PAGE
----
HCA 2019 Heritage Conservation Act (1.05.2019). Riigi Teataja I, 19.03.2019, 13, https://www.riigiteataja.ee/en/eli/504062019001/consolide

Johanson, K. 2006 'The contribution of stray finds for studying everyday practices – the example of stone axes', Estonian Journal of Archaeology 10(2), 99–131.

Kadakas, U. 2017 'Defining archaeological heritage: the practices of protection of archaeological heritage in Estonia' in Ann Degraeve (ed) Dare to Choose. Making Choices in Archaeological Heritage Management. EAC Occasional Paper 13, Budapest: Archaeolingua. 41–45. https://www.europae-archaeologiae-consilium.org/eac-occasional-papers

Kadakas, U. and Lillak, A. 2019 'Managing the managers: State control over monuments in Estonia' in Chris Corlett (ed) Archaeological Sites and Monuments in the Care of State. Sharing Our Experiences, Proceedings of the International Conference Dublin, Republic of Ireland, 28 Feb. EAC Occasional Paper 15. Budapest: Archaeolingua. 51–56. Also Internet Archaeology 54. https://doi.org/10.11141/ia.54.4

KMR Kultuurimälestiste register (Register of Cultural Monuments) https://register.muinas.ee/

Kretova, K. 2018 Noor aardekütt tekitas hindamatut kahju. Saarte Hääl, 21. III https://saartehaal.postimees.ee/6667895/noor-aardekutt-tekitas-hindamatut-kahju

Kriiska, A. 2000 'Corded Ware culture sites in North-Eastern Estonia. Valter Lang, Aivar Kriiska (toim). De temporibus antiquissimis ad honorem Lembit Jaanits', Muinasaja Teadus/Research into Ancient Times 8, Tallinn: Ajaloo Instituut. 59–79.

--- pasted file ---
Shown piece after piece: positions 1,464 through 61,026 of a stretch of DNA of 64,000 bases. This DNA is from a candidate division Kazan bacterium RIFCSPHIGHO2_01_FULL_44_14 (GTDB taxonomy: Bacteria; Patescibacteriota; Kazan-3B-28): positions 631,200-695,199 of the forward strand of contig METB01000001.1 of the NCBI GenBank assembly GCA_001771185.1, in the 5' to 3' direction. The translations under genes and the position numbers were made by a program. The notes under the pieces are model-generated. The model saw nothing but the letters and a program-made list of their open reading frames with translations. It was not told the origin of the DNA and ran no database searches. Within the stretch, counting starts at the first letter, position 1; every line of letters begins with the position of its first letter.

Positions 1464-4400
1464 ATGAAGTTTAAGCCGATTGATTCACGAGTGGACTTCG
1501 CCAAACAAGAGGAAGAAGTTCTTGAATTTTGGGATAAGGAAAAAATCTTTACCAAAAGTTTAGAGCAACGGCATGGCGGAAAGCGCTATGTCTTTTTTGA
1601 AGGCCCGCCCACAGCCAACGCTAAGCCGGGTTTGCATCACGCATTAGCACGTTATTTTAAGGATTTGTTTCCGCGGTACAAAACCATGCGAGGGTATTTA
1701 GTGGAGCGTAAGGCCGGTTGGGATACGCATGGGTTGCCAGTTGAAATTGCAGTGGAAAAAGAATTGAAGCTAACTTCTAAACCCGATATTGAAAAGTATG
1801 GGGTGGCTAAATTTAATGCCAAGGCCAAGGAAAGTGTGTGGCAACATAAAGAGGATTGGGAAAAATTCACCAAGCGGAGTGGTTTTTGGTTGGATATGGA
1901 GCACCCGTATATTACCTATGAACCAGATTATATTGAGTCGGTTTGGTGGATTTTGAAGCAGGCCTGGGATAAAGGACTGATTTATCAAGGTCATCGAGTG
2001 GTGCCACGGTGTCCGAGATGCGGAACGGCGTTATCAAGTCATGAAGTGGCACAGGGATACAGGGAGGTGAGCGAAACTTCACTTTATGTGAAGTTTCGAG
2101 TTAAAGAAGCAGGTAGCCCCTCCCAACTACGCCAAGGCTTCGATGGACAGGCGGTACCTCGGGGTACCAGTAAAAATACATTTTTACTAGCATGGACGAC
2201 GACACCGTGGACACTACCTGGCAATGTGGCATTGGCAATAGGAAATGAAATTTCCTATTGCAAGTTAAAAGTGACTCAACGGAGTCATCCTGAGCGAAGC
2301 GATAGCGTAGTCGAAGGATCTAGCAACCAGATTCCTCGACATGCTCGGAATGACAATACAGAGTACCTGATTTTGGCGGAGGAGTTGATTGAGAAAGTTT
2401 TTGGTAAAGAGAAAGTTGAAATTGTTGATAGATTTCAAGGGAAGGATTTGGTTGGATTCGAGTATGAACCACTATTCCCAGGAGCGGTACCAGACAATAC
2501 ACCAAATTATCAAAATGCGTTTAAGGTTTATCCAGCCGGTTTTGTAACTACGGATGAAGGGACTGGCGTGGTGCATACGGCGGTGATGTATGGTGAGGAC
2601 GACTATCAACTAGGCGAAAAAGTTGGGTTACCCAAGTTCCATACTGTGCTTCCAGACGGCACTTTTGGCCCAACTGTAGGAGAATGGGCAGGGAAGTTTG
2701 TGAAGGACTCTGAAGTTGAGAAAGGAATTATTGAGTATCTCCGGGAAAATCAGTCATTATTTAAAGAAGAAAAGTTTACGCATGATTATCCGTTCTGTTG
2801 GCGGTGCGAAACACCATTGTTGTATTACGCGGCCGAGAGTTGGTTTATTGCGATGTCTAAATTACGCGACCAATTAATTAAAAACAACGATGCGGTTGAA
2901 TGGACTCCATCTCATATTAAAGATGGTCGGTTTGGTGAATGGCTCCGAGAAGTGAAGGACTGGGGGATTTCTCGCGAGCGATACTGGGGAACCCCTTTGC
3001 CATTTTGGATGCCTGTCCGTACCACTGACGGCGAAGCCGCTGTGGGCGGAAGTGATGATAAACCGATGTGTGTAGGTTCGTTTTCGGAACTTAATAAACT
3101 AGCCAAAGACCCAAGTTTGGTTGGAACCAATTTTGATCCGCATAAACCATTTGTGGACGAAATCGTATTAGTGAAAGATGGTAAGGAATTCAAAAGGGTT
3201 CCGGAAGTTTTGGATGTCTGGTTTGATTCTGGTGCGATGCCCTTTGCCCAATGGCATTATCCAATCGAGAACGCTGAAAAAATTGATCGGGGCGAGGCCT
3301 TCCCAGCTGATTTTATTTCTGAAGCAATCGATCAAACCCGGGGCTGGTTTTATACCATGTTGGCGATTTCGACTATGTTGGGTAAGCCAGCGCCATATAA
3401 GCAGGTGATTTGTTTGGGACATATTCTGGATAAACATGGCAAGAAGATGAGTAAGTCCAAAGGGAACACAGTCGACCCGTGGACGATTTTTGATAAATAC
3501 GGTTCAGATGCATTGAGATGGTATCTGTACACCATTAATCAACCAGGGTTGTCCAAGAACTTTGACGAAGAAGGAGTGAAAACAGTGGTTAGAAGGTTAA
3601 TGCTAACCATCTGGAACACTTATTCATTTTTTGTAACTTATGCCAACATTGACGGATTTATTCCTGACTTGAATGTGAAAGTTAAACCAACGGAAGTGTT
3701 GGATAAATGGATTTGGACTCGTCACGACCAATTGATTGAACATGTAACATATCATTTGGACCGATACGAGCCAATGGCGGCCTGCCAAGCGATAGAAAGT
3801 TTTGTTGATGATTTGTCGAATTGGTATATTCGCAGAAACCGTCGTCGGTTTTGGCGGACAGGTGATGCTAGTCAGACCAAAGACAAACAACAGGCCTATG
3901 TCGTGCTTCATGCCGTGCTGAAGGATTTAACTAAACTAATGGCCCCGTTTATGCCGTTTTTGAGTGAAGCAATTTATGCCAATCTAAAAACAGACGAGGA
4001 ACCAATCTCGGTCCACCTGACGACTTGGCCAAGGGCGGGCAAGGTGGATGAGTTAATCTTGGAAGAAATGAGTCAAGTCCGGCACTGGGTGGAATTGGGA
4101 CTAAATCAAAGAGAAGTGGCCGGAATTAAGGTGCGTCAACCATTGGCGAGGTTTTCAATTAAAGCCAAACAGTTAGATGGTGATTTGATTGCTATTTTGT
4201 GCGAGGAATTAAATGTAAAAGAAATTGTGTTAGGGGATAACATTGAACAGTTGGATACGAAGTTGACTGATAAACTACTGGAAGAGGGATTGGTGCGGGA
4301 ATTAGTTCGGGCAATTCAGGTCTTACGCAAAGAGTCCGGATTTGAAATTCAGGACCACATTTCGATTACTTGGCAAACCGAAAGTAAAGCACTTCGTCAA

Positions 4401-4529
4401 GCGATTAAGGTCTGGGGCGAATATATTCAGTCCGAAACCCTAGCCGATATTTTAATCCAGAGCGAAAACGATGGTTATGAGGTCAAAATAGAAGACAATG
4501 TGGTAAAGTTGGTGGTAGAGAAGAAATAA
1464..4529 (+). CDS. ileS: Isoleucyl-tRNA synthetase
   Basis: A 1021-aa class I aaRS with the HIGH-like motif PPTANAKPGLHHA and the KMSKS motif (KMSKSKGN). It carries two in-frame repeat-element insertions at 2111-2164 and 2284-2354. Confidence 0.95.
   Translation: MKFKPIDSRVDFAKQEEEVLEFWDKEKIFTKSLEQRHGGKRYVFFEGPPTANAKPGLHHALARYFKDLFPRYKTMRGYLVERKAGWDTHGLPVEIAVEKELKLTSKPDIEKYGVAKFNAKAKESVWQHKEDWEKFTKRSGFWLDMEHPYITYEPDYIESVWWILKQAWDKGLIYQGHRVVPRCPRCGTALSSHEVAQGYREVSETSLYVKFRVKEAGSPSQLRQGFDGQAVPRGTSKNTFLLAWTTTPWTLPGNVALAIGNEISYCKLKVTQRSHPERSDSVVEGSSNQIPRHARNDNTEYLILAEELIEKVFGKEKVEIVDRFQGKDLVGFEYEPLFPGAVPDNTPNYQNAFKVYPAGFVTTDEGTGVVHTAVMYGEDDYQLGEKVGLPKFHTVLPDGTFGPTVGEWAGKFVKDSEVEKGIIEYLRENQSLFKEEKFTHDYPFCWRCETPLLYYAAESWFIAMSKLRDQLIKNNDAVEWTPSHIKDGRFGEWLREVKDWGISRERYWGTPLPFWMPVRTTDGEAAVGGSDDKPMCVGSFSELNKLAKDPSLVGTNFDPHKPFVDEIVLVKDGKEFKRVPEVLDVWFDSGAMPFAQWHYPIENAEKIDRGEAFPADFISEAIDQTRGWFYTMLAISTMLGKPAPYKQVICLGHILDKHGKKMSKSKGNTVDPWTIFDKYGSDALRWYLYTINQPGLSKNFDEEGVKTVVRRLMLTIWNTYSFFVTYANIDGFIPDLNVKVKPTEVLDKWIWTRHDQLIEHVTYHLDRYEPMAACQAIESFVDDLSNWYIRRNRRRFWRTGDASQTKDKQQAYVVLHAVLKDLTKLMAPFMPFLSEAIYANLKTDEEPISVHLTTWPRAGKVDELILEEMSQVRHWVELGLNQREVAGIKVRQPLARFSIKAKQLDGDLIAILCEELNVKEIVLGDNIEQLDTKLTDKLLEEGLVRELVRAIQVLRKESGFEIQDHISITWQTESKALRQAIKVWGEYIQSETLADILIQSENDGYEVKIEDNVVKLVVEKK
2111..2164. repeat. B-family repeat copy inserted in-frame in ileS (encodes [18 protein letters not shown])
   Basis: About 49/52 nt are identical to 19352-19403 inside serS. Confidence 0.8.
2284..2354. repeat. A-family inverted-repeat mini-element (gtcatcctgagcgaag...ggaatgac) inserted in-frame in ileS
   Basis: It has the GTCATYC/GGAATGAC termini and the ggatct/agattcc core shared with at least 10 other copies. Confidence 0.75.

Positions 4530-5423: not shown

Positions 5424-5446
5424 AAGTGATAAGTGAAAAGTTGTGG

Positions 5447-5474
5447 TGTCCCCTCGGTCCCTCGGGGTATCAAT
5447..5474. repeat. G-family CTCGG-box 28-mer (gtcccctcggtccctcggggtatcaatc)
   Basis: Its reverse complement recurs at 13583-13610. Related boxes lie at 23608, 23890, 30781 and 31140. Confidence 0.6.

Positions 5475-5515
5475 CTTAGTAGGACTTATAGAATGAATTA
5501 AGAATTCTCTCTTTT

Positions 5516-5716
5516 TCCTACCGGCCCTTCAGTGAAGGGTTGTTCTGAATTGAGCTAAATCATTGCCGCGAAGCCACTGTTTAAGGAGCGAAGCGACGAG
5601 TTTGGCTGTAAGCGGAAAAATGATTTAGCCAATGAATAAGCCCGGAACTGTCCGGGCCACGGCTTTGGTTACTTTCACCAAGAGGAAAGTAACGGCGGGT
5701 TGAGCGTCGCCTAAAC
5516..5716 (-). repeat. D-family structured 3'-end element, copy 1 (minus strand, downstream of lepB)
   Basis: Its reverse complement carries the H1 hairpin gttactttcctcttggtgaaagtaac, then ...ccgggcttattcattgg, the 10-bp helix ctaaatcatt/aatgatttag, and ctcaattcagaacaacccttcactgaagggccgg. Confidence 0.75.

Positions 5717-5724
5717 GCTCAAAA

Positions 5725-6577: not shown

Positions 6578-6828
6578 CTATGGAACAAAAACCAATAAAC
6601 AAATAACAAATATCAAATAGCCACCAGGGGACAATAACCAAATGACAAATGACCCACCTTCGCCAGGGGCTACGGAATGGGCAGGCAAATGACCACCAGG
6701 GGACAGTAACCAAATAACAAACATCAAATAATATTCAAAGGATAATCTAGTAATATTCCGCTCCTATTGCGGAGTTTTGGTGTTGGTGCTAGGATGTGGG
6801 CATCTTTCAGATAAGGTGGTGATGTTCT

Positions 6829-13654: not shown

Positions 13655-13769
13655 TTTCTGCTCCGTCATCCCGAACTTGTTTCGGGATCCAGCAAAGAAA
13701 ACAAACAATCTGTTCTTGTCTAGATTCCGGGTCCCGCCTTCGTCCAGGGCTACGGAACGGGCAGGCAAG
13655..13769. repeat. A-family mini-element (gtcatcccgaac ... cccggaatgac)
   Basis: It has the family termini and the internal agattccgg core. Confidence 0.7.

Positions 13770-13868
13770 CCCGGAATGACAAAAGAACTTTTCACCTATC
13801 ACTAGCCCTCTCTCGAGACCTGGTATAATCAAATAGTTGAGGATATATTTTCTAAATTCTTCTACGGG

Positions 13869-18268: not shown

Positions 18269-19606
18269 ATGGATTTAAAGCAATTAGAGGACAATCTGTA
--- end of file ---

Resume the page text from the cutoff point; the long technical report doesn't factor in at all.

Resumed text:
Pärnamägi, I. 2014 Saksa mõju Eesti õiguses,. Õiguskeel 1 https://www.just.ee/sites/www.just.ee/files/illimar_parnamagi._saksa_moju_eesti_oiguses.pdf

Russow, E., Kadakas, U., Haak, A. and Rammo, R. 2019 'Archaeological Fieldwork in 2018' in E. Russow and A. Haak (eds) Archaeological Fieldwork in Estonia 2018, Tallinn. 9–38.

Sacco, L.P. 2018 Culture 3.0: Building competitiveness and innovative capacity through culture: A vision for European (digital) cultural heritage 2025. Varna 28 & 29 May 2018. –Presentations & Public Speaking, 6. IV https://www.slideshare.net/Europeana/culture-30-building-competitiveness-and-innovative-capacity-through-culture-by-pier-luigi-sacco-a-vision-for-european-digital-cultural-heritage-2025-varna-28-29-may-2018

Siimets-Gross, H. 2002 Asja mõiste ja liigitus klassikalise ajastu Rooma õiguse Gaiuse institutsioonide näitel. Magistritöö. Tartu Ülikool. https://dspace.ut.ee/bitstream/handle/10062/586/siimetshesi.pdf?sequence=5&isAllowed=y

Varul, P., Kull, I., Kõve, V., Käerdi, M. and Puri, T. 2014 Asjaõigusseadus I (§-d 1-167). Asjaõigusseadus I kommenteeritud väljaanne, Tallinn: Juura, Õigusteabe AS. 416−94.

Internet Archaeology is an open access journal based in the Department of Archaeology, University of York. Except where otherwise noted, content from this work may be used under the terms of the Creative Commons Attribution 3.0 (CC BY) Unported licence, which permits unrestricted use, distribution, and reproduction in any medium, provided that attribution to the author(s), the title of the work, the Internet Archaeology journal and the relevant URL/DOI are given.

Terms and Conditions | Legal Statements | Privacy Policy | Cookies Policy | Citing IA

Internet Archaeology content is preserved for the long term with the Archaeology Data Service. Help sustain and support open access publication by donating to our Open Access Archaeology Fund.